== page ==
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Housing Watch: Efficiency and energy needed

Housing Watch: Efficiency and energy needed

Louisa-Sedgwick-2023The Financial Conduct Authority’s director of retail banking, David Geale, recently delivered a speech outlining the regulator’s view on the future of green mortgages and how lenders must support the decarbonisation of the UK’s housing stock.

Although his speech was predominantly directed at the owner-occupied lending market, it had some interesting read-across for the buy-to-let sector.

The FCA’s message to the mortgage industry was clear: lenders could not attempt to ‘green’ their mortgage books simply by lending largely on new-build and A-to-C properties; they must show how they would support the net-zero agenda by raising the energy efficiency of housing stock as a whole.

Real innovation in the sector will come to the fore

In the buy-to-let sector, this is a pressing issue. While the industry awaits the government’s response to its 2021 proposal to introduce a minimum level of C on energy performance certificates (EPCs) for privately rented property, the direction of travel is clear.

Positive interactions

For brokers, this is an opportunity. From improving landlord education to finding the financial solutions to facilitate property upgrades, this will enable brokers to have positive interactions with clients in the coming years.

So far, as with owner-occupied mortgages, much of the green lending focus has been on the front end of the book, mainly through discounted rates for properties rated EPC A to C.

This won’t be solved by one group in isolation but through a combined effort and a strong legislative platform

Landlords increasingly have been buying this type of property regardless of pricing incentives. Paragon’s recent report, ‘Raising the standards of privately rented property’, highlights a 165% increase in the number of privately rented homes with a rating of A to C in the past decade, with the proportion of homes in the rental sector at A to C now outweighing the owner-occupied space.

The widely acknowledged challenge is how to transition the six in 10 rented homes currently at D or below to a minimum of C, and this is where real innovation in the sector will come to the fore.

Paragon, along with the rest of the market, is examining solutions to help customers retrofit their properties, supporting them to overcome some of the hurdles that such a momentous challenge presents.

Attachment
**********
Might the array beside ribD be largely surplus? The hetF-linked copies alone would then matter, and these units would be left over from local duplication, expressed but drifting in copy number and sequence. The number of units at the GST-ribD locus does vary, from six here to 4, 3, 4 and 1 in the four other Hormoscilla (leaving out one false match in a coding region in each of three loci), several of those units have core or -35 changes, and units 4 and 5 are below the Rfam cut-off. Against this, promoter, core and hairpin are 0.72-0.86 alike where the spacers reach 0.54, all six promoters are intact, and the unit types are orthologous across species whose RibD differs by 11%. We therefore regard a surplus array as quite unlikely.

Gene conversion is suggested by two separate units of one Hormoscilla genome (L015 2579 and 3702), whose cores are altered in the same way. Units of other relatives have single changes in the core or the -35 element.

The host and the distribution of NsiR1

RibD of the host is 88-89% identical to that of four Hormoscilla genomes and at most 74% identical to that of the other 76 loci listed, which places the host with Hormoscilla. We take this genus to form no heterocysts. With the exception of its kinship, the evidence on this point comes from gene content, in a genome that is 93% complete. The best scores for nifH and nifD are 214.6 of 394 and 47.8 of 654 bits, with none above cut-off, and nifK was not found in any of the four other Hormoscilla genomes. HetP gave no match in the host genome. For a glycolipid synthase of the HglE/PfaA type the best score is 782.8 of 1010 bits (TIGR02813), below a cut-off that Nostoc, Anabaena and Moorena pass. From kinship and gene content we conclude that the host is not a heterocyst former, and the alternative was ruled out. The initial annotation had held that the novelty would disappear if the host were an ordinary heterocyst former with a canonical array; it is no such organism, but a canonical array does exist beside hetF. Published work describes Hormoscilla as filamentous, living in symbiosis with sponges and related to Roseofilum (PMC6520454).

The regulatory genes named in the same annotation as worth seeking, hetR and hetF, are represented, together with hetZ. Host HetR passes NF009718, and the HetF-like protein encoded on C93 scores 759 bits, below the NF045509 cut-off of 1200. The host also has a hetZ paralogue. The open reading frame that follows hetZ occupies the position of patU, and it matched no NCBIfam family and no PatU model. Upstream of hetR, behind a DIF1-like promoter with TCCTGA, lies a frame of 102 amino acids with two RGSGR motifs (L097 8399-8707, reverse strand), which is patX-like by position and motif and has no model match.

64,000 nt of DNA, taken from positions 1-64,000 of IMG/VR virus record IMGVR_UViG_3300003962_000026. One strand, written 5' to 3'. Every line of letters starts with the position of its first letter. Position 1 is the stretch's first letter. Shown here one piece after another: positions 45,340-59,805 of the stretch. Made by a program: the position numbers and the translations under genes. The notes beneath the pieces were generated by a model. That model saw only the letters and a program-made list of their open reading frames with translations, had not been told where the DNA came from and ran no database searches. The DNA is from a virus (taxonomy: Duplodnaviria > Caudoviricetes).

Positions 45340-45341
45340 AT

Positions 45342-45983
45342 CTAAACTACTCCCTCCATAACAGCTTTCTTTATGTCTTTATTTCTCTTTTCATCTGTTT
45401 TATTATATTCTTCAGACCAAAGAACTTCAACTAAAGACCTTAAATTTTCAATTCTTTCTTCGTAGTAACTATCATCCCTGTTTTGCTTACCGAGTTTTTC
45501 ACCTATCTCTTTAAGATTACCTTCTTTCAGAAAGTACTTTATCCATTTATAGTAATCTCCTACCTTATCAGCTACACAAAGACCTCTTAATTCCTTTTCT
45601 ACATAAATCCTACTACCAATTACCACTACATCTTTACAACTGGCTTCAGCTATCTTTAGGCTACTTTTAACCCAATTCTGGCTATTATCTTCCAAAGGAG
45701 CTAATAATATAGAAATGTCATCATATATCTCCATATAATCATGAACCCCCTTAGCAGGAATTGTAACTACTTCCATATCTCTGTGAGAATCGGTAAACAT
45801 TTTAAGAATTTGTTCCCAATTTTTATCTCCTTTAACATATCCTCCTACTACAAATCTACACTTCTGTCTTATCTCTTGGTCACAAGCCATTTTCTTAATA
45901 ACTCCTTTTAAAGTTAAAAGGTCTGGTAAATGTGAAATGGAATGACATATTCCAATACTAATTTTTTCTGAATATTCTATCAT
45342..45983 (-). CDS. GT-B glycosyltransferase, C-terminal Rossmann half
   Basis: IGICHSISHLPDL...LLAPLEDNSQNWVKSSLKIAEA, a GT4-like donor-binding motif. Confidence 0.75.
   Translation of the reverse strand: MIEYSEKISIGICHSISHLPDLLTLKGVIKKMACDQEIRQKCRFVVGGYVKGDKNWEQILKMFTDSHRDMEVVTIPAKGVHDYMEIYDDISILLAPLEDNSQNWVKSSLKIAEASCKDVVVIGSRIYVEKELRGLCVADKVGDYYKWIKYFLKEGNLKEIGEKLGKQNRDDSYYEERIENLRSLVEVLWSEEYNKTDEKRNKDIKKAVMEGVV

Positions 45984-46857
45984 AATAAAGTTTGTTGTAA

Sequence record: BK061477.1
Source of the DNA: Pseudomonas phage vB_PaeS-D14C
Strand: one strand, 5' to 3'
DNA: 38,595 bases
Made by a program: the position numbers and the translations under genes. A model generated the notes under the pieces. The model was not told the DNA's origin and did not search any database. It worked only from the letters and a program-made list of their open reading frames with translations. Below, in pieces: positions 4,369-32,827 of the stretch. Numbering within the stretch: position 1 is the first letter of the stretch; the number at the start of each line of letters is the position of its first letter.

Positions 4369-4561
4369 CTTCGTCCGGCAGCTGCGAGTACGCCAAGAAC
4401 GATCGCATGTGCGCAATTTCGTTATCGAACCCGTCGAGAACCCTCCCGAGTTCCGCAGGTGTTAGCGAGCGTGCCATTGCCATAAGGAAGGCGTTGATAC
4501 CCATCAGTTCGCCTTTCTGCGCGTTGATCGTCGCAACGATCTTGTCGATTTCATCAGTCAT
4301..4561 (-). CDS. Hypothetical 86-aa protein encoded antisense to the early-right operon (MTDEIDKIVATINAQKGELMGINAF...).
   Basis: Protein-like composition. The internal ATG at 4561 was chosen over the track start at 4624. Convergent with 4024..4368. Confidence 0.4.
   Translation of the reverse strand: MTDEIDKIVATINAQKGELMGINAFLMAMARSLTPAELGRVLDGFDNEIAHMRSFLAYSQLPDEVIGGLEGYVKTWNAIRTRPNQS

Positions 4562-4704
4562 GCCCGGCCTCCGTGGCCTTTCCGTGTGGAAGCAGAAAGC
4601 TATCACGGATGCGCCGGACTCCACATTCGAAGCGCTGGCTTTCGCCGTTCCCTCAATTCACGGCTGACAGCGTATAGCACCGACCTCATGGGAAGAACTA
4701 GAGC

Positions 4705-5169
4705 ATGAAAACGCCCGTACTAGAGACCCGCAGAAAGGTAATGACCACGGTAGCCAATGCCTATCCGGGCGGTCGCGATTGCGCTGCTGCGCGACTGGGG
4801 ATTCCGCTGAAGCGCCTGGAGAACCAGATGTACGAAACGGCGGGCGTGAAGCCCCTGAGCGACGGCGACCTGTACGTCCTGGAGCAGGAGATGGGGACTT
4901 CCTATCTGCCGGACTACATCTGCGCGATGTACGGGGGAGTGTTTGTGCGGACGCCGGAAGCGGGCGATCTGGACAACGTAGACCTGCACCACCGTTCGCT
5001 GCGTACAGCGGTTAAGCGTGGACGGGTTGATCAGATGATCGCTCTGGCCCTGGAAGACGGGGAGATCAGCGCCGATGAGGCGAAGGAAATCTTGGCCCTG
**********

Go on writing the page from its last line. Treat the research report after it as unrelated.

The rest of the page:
Positive actions

A number of things would help the industry, from landlords to suppliers to lenders, to move forward.

If the government creates a gold rush by implementing an impractically short deadline, good tradespeople will be overwhelmed

First is clear government direction. We view the delay in the government’s response to its consultation as positive; it shows it is listening and it appreciates the scale of the retrofit issue. Rushed legislation is to the detriment of everybody and could lead to a multitude of unintended consequences.

We hope the government’s response will include a sensible timeframe and some clear steps to facilitate change. Confirmed legislation will give firms the confidence to proceed with plans they have in the pipeline.

Second is the introduction of a kitemark-style system for the technology that will underpin property upgrades. Landlords, and lenders, need confidence that they are investing in tech, from solar panels to heat pumps, that has been approved by the government.

A number of things would help the industry, from landlords to suppliers to lenders, to move forward

Third is the skills base. Anybody who has had work done on their property recently understands the challenge of finding a good tradesperson.

If the government creates a gold rush by implementing an impractically short deadline, good tradespeople will be overwhelmed and there will be an open door for rogues.

This is a complex challenge with a myriad of issues that need to be addressed, but it’s not insurmountable.

For brokers, this is an opportunity

As the FCA’s Geale highlighted in his speech, it won’t be solved by one group in isolation but through a combined effort from all interested parties, and a strong legislative platform on which operators can build plans with confidence.

Louisa Sedgwick is mortgages commercial director at Paragon Bank


This article featured in the May 2023 edition of MS.

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The post Housing Watch: Efficiency and energy needed appeared first on Mortgage Strategy.

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